A Foreigner's View of Oregon: The Portland Photography of E.O. Hoppe

By Strayer, Jennifer | Oregon Historical Quarterly, Spring 2015 | Go to article overview

A Foreigner's View of Oregon: The Portland Photography of E.O. Hoppe


Strayer, Jennifer, Oregon Historical Quarterly


THE NAME EMIL OTTO HOPPE (1878-1972) is probably unfamiliar to most Oregonians, if not most Americans, yet at one time he was one of the world's most famous photographers. Although he had an illustrious career in the early twentieth century, with time the London-based Hoppe faded into obscurity. Over the past thirty years, interest in his work has revived, becoming a topic of study for scholars of photography. Hoppe's archive includes a small number of negatives that he produced during a trip to Oregon in 1926, when he was photographing the United States for his book Romantic America. (1) Six photographs made from those negatives represent Oregon in the book. An examination of the Oregon photographs adds to the growing picture of Hoppe and his work by highlighting how the choices he made as a photographer helped create a story of place that was as much a construct as an objective depiction.

Hoppe produced Romantic America for Ernst Wasmuth A.G., the German publishers of the Orbis Terrarum (Global Travel) series. Each Orbis Terrarum book focused on the architecture, landscape, and topography of a different country and was marketed to appeal to tourists--both actual and armchair. The books were printed in multiple countries, as Ernst Wasmuth A.G. sold publication rights to foreign publishers. In his description of the books, Hoppe captured the substance of the series and the prestige for a photographer who was chosen to be a contributor: "This series had an international reputation; each volume was published at thirty shillings, had a sale of over a hundred thousand copies, and contained more than three hundred full-size illustrations printed in photogravure and captioned in four languages" (2) Romantic America was not Hoppe's first Orbis Terrarum book (that was Picturesque Great Britain), but it was the only one for which he both contributed the photographs and wrote the introduction. Published in North America and Germany in 1927, it was viewed by thousands of readers, both European and American. (3)

Hoppe claimed to have spent eleven months in 1926 producing the photographs for Romantic America. He often traveled by automobile but also used trains and even more antiquated methods, such as pack mule, to reach remote locations. (4) Because this was not his first Orbis Terrarum volume, he was already a seasoned traveler with a road-tested kit of equipment that included a Graflex single-lens reflex camera. More importantly, Hoppe believed he had developed a certain expertise in the "personal qualifications" he deemed necessary for a successful travel photographer. Those included: "A well-developed sense of proportion enabling one to remain coolly observant and detached and grasp the salient characteristics of a civilization, situation or scene" and the "absence of prejudice and ability to put aside preconceived ideas." (5) The degree to which Hoppe actually put aside his preconceived ideas to produce the photographs for Romantic America is open to debate, but the fact that he was an accomplished, well-known photographer at the peak of his game is beyond dispute.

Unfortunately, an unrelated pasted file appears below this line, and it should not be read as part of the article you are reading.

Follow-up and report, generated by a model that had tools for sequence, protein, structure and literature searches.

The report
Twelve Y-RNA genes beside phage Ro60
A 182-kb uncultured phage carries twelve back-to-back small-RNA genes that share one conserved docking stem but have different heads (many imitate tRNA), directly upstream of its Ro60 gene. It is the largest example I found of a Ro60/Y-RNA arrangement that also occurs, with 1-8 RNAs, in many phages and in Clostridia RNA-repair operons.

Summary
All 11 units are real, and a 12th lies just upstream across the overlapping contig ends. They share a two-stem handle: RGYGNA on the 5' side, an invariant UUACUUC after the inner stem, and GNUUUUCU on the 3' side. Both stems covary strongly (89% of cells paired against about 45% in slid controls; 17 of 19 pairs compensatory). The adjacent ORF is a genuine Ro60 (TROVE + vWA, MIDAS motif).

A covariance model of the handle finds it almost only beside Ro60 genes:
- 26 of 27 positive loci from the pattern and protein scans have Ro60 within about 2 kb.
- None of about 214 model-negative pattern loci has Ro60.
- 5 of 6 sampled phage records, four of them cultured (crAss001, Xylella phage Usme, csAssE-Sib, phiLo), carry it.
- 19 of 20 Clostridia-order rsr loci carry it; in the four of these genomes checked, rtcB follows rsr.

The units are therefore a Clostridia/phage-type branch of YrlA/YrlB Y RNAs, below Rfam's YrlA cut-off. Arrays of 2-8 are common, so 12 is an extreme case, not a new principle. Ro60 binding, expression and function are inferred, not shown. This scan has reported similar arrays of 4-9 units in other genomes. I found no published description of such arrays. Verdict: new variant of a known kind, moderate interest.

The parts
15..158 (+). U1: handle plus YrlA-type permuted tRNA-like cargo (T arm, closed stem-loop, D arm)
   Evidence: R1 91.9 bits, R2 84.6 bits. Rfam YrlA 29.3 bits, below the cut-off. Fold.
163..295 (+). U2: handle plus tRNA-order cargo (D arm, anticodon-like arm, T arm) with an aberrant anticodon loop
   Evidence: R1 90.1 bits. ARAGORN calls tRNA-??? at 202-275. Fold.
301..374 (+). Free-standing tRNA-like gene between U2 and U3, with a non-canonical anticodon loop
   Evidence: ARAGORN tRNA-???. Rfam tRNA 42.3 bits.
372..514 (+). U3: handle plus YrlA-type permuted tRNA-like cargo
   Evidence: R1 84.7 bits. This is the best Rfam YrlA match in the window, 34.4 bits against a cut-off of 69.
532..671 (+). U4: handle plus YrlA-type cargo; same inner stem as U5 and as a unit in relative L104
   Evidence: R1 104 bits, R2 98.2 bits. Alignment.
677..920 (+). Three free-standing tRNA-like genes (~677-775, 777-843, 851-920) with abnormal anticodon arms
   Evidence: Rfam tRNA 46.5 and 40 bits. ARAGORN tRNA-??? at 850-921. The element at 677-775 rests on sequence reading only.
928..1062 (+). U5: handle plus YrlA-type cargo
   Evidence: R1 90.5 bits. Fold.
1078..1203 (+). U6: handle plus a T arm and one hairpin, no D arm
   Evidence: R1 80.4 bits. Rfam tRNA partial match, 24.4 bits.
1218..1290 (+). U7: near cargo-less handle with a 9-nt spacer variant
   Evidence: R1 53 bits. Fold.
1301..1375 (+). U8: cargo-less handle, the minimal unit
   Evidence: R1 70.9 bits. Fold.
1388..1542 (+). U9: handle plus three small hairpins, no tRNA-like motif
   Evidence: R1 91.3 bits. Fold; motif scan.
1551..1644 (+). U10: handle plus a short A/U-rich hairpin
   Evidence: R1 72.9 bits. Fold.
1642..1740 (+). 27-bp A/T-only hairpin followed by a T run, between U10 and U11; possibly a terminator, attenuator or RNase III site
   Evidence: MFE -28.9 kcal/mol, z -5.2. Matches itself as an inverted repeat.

Hoppe was born in Germany in 1878. As a young man, he moved to London, where he pursued a career in banking. Several years later, he changed professions and became a photographer, initially focusing on portraiture. By the end of World War I, Hoppe had achieved prominence in his field and traveled to North America as an acclaimed expert with a reputation in particular for defining and capturing female beauty. He was "hailed in newspapers all over the country as a supreme judge of beauty," and portraits from his The Book of Fair Women were reproduced in a full-page spread in the Rotogravure-Picture Section of the Sunday New York Times. (6) He set up a studio in New York, and for several years, when not in London or traveling on other assignments, spent part of his time photographing prominent Americans of both genders. In the 1920s, those portraits appeared in newspapers and periodicals such as the highbrow Vanity Fair and the more populist Motion Picture Magazine. …

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